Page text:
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BBC 6 minute English-Cloud of suspicion

BBC 6 minute English-Cloud of suspicion

BBC 6 minute English-Cloud of suspicion

   

Transcript of the podcast

NB: This is not a word – for – word transcript

Rob: Hello I’m Rob. Welcome to 6 Minute English. I’m joined today by Finn

Finn: Hello

Rob: Now, Finn, could you give us a smile, please

Finn: Oh, OK, hang on

Rob: Say cheese

Finn: Oh, are you going to take a picture of me with that smartphone? Hang on; just let me comb my hair a bit

Rob: Finn, Finn, Finn, you look fine. Don’t worry about it

Finn: This isn’t quite right. I just want to… have you got a mirror

Rob: No I haven’t. Just hold it there, OK? Hold it there (he takes a picture). Nice

Finn: OK, let’s have a look

Rob: Right. I’m gonna save that now… OK, that’s it: it’s gone to the cloud

Finn: Really

Rob: Yes. we’ll be able to look at that later on my laptop

Finn: Ah, the cloud! You don’t mean the one in the sky, of course

Rob: No

Finn: You mean the huge computers where companies like Apple, Facebook and Google store their users’ pictures, videos and documents. You know, I’m a little suspicious about the cloud. Rob Are you

Finn: Well, I just don’t want lots of people looking at that picture. Mainly because my hair doesn’t look quite right

Rob: You’re so vain. Gosh! It’s too late now. But you look fine so you can share it with the world

Finn: OK

Rob: Think about those poor celebrities who’ve had their nude pictures leaked online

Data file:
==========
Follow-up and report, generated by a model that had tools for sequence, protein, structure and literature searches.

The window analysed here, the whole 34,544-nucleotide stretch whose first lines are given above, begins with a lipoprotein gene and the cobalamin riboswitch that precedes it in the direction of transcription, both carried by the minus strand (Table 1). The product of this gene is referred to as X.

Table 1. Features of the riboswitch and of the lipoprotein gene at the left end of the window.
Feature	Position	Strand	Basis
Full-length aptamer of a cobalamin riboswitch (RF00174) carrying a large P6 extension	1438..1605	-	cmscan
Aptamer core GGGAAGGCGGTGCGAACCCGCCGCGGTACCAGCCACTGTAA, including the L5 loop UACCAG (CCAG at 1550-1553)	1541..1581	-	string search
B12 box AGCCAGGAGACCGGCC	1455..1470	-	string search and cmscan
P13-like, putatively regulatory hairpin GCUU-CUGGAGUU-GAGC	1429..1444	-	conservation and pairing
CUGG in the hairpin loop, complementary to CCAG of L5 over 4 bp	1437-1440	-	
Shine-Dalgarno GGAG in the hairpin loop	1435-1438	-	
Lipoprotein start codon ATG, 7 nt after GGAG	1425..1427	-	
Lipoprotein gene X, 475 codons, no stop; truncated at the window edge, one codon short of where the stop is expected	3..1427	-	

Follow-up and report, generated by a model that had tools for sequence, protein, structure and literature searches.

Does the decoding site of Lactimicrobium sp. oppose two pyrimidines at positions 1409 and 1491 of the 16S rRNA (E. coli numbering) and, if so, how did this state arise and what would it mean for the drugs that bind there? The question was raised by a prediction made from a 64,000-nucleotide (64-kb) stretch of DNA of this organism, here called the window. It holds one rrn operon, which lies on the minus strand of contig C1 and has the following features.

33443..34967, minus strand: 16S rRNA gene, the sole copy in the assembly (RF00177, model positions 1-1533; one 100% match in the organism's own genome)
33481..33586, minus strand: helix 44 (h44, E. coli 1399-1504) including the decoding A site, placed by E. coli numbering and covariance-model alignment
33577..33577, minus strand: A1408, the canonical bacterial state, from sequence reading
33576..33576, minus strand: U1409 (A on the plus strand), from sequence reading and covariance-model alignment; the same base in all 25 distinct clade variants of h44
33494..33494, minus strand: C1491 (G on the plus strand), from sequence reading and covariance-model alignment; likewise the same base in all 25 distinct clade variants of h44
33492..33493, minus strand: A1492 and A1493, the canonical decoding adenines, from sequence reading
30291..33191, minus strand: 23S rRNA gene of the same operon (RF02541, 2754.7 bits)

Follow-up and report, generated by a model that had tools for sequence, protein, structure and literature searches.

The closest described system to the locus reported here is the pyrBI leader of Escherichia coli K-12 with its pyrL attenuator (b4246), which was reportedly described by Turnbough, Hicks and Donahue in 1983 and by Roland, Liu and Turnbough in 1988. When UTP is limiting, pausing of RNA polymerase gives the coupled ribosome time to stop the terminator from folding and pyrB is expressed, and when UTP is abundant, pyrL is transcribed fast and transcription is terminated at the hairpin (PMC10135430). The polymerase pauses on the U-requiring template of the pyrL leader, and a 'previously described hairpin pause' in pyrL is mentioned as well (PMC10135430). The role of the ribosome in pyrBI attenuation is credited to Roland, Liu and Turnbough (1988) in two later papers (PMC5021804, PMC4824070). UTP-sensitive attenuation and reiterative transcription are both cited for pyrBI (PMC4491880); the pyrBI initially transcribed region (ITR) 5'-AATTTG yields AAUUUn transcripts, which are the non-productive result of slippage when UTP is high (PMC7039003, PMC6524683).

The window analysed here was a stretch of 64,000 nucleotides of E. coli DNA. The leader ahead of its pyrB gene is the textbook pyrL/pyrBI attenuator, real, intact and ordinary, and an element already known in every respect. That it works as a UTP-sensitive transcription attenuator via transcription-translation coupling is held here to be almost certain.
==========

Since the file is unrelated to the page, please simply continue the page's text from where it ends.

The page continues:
Finn: Leaked – now this refers to pictures that were being kept hidden being made available to the public. They were leaked to the public. Actress Jennifer Lawrence, who starred in the Hunger Games movies, was one as was the singer Rhianna

Rob: This incident has made people discuss the issue of privacy on the internet. Privacy means being free from public attention. And in this programme you’ll hear useful words for giving your opinion on this subject

Finn: Yes. The celebrities were very angry

Rob: They thought they could keep their pictures private because they were in the cloud protected by a password – a word or sequence of numbers that only they knew and which is required for them to gain access to what is stored in their name

Finn: The US federal police – that’s the FBI – have been investigating this to find the hackers involved. Hackers are people who understand a lot about computers and use flaws – or little problems – in the software to gain access to a computer file, or network, illegally

Rob: Today we have passwords for everything. And we have so many devices – like smartphones and laptops and computers – so I’m going to ask you a question about smartphones

Finn: OK. Very good

Rob: According to research, how many people had mobile phones in 2013? Was it

a) 1.4 million people

b) 14 million people

c) 1.4 billion people

Finn: Across the whole world

Rob: Yup

Finn: I think this is got to be: c) 1.4 billion people.